This preoccupation on the perfection of their performance springs from a chronic fear of making a mistake and being judged, which causes individuals with OCPD to be indecisive and to procrastinate (Beck, Freeman & Davis, 2004; Mindsite, 2008; Ekleberry, 2000). At times when their compulsiveness severely clashes with outside pressures, their anxiety may increase to the extent of panic disorder (Beck, Freeman & Davis, 2004). For example, their anxiety level may rise as the deadline approaches, while their desire for perfection delays the processing of the project. This may result in “ a vicious cycle often seen in patients with panic disorder” wherein their anxiety intensifies physical symptoms that are characteristic of panic disorder (e. g., fast heartbeat rate and difficulty in breathing) which further intensifies their anxiety (Beck, Freeman & Davis, 2004, p. 321)
In addition to this, due to their inflexibility, OCPD patients are not spontaneous and imaginative (Fitzgerald, 2003). Thus, in situations which require urgent action, and no clearly defined rules or instructions that lead to the right answer is at hand, they feel overwhelmed and lost as to what to do. As such instances demand for adaptability at the expense of compromising quality or some rules, OCPD patients do a poor job and experience extreme difficulty in making decisions (DSM-IV-TR, 2000; Ingram, 1982; cited in Houston & Mathias, 2004; Fitzgerald, 2003; Mindsite, 2008). The absence of specific guidelines increases their anxiety level which result from their fear of committing a mistake and receiving punishment for it (Fitzgerald, 2003).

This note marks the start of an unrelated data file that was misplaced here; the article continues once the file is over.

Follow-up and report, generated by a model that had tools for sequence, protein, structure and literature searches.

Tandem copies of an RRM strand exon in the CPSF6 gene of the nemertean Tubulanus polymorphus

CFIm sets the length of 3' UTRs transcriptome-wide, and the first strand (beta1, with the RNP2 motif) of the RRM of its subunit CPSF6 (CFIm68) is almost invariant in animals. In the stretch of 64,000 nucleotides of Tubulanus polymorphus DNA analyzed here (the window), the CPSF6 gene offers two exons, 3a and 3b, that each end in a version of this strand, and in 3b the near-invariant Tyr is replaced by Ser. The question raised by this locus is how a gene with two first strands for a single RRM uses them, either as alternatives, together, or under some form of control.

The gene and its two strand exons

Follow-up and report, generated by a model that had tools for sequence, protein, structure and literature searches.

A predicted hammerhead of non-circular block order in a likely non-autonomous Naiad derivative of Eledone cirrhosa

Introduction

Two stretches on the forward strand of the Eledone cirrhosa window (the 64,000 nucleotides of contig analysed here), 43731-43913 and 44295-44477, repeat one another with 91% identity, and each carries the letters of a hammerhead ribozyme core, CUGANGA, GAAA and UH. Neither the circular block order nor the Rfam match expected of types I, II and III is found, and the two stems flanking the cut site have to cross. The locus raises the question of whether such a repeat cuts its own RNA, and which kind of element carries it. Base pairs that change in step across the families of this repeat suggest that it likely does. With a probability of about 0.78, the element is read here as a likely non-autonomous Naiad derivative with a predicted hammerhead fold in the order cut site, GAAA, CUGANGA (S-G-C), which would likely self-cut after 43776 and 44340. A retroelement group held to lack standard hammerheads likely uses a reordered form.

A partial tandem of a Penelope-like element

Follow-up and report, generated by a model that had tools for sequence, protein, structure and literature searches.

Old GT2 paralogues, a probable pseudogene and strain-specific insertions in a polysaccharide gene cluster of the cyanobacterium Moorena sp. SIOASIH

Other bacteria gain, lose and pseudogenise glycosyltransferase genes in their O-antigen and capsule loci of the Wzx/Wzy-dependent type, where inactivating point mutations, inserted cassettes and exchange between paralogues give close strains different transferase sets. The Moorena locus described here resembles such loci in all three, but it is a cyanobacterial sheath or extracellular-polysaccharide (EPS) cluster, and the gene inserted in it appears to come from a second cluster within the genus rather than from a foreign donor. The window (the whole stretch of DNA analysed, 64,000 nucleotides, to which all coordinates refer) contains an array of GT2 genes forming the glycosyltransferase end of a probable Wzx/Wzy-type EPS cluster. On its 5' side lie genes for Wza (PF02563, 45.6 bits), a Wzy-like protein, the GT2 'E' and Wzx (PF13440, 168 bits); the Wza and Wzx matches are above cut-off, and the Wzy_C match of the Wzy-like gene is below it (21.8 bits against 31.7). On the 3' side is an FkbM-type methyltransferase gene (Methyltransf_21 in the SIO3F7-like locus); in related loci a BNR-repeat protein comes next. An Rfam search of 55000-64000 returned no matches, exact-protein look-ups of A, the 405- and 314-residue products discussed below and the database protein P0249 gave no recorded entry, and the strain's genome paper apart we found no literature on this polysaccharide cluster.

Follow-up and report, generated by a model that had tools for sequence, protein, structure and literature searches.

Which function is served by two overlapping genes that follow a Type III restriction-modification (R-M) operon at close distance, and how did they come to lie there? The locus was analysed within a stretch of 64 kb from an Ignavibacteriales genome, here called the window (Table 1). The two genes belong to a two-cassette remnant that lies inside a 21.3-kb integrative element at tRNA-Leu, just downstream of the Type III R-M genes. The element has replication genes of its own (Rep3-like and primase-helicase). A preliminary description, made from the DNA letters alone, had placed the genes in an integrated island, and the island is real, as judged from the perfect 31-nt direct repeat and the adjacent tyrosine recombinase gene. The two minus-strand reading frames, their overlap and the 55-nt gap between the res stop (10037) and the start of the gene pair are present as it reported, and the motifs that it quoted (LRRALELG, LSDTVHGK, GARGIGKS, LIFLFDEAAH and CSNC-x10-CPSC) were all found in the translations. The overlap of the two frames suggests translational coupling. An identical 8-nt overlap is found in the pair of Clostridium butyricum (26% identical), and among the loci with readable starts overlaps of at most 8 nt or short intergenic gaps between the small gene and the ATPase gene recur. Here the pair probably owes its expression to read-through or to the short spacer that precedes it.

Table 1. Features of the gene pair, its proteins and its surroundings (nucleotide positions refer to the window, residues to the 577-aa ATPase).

OCPD patients are also stingy and miserly with themselves and with other people, so much so that they adopt a lifestyle that is considerably lower than what they can manage to pay for (Fitzgerald, 2003; Mindsite, 2008). They believe that they must strictly control their expenses, as they may need money for future misfortunes (Mindsite, 2008). This extreme thriftiness is complemented by their unwillingness to dispose of items that most people would consider as junk, even if they do not have a sentimental value. These items include broken tools and machine, old newspapers and/or magazines, and the like. Some labeled this attribute as the “ pack rat behavior” (Fitzgerald, 2003, n. p.; Mindsite, 2008). People with OCPD always think that the things they keep may come in handy in the future. They seem to be protective of these items that they feel affronted when significant others or the people they live with attempt to discard the items they are keeping, as these items usually take up a lot space (Mindsite, 2008)